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Zoe Lyons: "People are very quick to take offence on behalf of other people."

Zoe Lyons: “People are very quick to take offence on behalf of other people.”
Thomas Black
  • On February 20, 2013

Zoe Lyons made quite the name for herself back in 2004 winning the ‘Nivea Funny Women Award’ and making her way all the way to the the finals of Channel 4’s ‘So You Think You’re Funny Award’. Since then there’s been no stopping her with television appearances on the likes of Mock The Week and Dave’s One Night Stand and she is now highly sought after both here and abroad. She’s taken to the tour bus again bringing her mixture of the absurd, satire and caustic one liners to a town near you with her Pop-Up Comic show. She won’t be changing the world anytime soon but has assured us that she’ll be asking vital questions such as Dog Prams: why?

Based on the last sentence alone we just had to take the opportunity to question her about the process of creating a solo show and dealing with comedy stereotypes. We also spoke about “offensive” jokes and of course Hitler the vegetarian:

Your latest tour ‘Pop Up Comedy’ covers quite the varied range of subjects. When you come to write shows would you say you start with a central theme and work from there or do you tend to just see where the material takes you?

I tend to write throughout the year and then when it comes to getting a show together I try and see what, if any, through line there is. I actually enjoy piecing it all together and linking in the various random topics. It is definitely easier if you have a theme to follow but I think this show is the least themed show I have done. I think audiences don’t care too much about whether there is a “beginning middle and end”…. as long as it is funny.

You seem conscious not to be labelled with the stereotype of a female and/or lesbian comedian. With plenty of great female and homosexual comics on the scene why do you think there is still an obsession with the sex and sexuality of comedians?

It is just easier for people to label, generally. Say what you see, and that irritates me. There is an assumption that as a woman I am more likely to talk about certain topics and as a gay women I might bang on about it. My material has always been non gender specific and although I occasionally talk about being gay it really doesn’t form the basis of my shows.

You often pop up (see what I did there?) on TV. What do you think of the criticism aimed at the so-called “TV comedians”?

I like doing telly as you get better sandwiches in your dressing room. Who wouldn’t want to aspire to that? There are some that like to have a pop at comics who are on telly a lot for being bland and mainstream. This argument kind of confuses me as it is a pointless argument. These comics are massively popular, they appeal to huge audiences and as soon as you are appealing to the majority of viewers you are essentially mainstream. If you don’t like it, don’t watch it and seek out something more alternative that appeals to you.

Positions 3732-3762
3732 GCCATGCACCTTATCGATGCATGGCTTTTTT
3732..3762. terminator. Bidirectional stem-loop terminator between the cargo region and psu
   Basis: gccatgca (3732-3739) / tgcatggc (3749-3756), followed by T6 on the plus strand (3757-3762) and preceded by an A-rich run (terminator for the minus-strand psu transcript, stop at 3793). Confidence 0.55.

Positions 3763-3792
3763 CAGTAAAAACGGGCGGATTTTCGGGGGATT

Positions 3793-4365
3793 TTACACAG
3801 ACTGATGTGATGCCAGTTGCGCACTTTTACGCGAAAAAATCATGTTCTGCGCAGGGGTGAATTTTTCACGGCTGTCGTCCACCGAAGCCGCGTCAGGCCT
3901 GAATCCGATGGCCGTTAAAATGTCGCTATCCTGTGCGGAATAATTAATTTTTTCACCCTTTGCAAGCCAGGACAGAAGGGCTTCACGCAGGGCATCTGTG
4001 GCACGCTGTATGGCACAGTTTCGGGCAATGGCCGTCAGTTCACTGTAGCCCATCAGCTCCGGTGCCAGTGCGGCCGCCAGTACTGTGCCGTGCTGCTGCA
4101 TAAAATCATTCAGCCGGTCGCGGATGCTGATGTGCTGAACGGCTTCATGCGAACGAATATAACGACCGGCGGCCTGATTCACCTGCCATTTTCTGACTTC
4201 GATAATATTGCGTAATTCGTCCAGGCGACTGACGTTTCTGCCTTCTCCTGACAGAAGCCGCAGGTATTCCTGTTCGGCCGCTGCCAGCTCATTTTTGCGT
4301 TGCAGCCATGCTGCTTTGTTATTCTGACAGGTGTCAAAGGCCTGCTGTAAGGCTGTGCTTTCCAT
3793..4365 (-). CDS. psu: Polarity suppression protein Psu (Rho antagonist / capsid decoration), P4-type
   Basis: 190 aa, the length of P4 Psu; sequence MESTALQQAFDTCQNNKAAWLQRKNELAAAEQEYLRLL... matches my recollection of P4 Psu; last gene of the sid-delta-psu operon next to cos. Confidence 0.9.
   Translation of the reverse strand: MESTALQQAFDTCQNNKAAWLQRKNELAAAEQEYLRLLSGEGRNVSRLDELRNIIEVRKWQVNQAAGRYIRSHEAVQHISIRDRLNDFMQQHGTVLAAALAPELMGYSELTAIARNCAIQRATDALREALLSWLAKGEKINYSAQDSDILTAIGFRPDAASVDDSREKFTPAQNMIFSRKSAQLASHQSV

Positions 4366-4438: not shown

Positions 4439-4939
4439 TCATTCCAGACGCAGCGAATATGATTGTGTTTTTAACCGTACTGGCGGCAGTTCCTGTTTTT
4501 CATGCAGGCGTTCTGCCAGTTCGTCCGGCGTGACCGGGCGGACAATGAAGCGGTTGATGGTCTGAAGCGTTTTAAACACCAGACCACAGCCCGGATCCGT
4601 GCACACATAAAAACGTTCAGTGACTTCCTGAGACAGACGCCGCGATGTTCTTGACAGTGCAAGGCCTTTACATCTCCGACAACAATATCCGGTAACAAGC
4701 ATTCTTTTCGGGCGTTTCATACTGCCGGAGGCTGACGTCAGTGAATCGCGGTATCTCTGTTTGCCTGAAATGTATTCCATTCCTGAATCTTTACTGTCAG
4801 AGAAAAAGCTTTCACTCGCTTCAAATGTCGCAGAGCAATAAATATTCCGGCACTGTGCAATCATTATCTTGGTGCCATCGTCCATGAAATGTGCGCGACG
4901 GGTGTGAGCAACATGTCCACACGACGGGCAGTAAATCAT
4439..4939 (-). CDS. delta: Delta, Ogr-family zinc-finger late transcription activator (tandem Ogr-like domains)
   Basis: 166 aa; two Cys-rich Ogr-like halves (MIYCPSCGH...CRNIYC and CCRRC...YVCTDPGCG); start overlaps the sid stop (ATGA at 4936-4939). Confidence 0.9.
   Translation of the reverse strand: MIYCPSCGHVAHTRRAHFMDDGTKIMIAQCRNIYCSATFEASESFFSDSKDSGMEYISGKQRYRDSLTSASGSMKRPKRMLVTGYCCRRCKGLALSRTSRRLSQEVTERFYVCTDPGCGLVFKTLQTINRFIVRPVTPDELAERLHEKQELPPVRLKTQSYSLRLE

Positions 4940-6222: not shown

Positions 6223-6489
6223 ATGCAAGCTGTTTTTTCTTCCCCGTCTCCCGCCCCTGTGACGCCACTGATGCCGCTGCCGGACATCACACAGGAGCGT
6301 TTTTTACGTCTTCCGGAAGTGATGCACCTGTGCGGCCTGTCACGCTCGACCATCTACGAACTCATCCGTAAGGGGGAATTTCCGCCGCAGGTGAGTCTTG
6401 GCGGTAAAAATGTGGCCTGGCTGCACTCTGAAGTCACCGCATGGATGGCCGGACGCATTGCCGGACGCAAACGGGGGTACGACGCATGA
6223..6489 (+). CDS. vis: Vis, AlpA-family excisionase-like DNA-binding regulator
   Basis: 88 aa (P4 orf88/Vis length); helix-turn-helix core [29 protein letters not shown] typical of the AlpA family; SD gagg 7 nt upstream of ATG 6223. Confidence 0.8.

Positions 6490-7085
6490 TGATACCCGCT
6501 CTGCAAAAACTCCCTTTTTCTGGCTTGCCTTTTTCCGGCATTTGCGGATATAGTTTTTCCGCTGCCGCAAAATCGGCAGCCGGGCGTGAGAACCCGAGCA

You started in comedy quite late at the age of 30. What advice would you give to aspiring comedians who’ve yet to take the plunge?

Just gig as much as you can and keep writing. Watch people who are really good and try and figure out what makes them so good at what they do. It is a difficult time to be getting into comedy – the market is pretty flooded – but if you are determined you must peruse it.

You won the best joke of the Fringe in 2008. Does that put pressure on you to try and better it?

Pressure is something I like in my tyres not my life. I am under no pressure to do anything, that is why I am a comic – it appeals to my work ethic.

A lot of comedians seem scared to say anything controversial for fear of backlash. Did you get much from the self-harm/Amy Winehouse joke in 2008?

A bit. It was interesting though that my friends who had experience of self harming weren’t offended by the joke. People are very quick to take offence on behalf of other people.

You would be amazed at what people get their knickers in a twist about. I had someone write to complain about a joke I did about vegetarian food. He went on to explain that my making fun of vegetarian food was like Hitler’s persecution of homosexuals during  World War 2. How angry and removed from reality do you need to be to take an argument to that level? The irony being Hitler was a vegetarian.

Do you think it is right for comedians to censor themselves to please the media?

No, but if you are the sort of comedian that does more “edgy” material you have to be prepared for a bit of a backlash. There is nothing the press like more than a lot of fuss over sod all.

You are an avid Twitter user. Do you use it to road test material and how do you feel about people then passing those jokes around social media and other websites without credit?

I don’t often post jokes on there but if I do and they happened to get used elsewhere that’s the risk you take. I am guessing this would be much more of a problem for the likes of the brilliant Gary Delaney who specialises in one liners. Bit harder to steal my rambling nonsense.

What’s next for you after the tour?

I am doing a comedy roadshow in Australia early summer and then back to Edinburgh in August. I didn’t go last year so I am almost looking forward to it this year….almost.

Like a lot of comedians you’ve done a lot of radio. For you, how does this differ from TV?

Generally radio is a little bit more relaxed and audiences who come to radio records in my experience are a bit more giving, they are a slightly more mellow crowd. Having said that though, television still has the better sandwiches!

Zoe will be appearing in Tewkesbury this evening and visiting the pretty much every nook and cranny of the UK over the next six weeks. Be sure to visit for all tour dates. Pop-Up Comedy is a must see!

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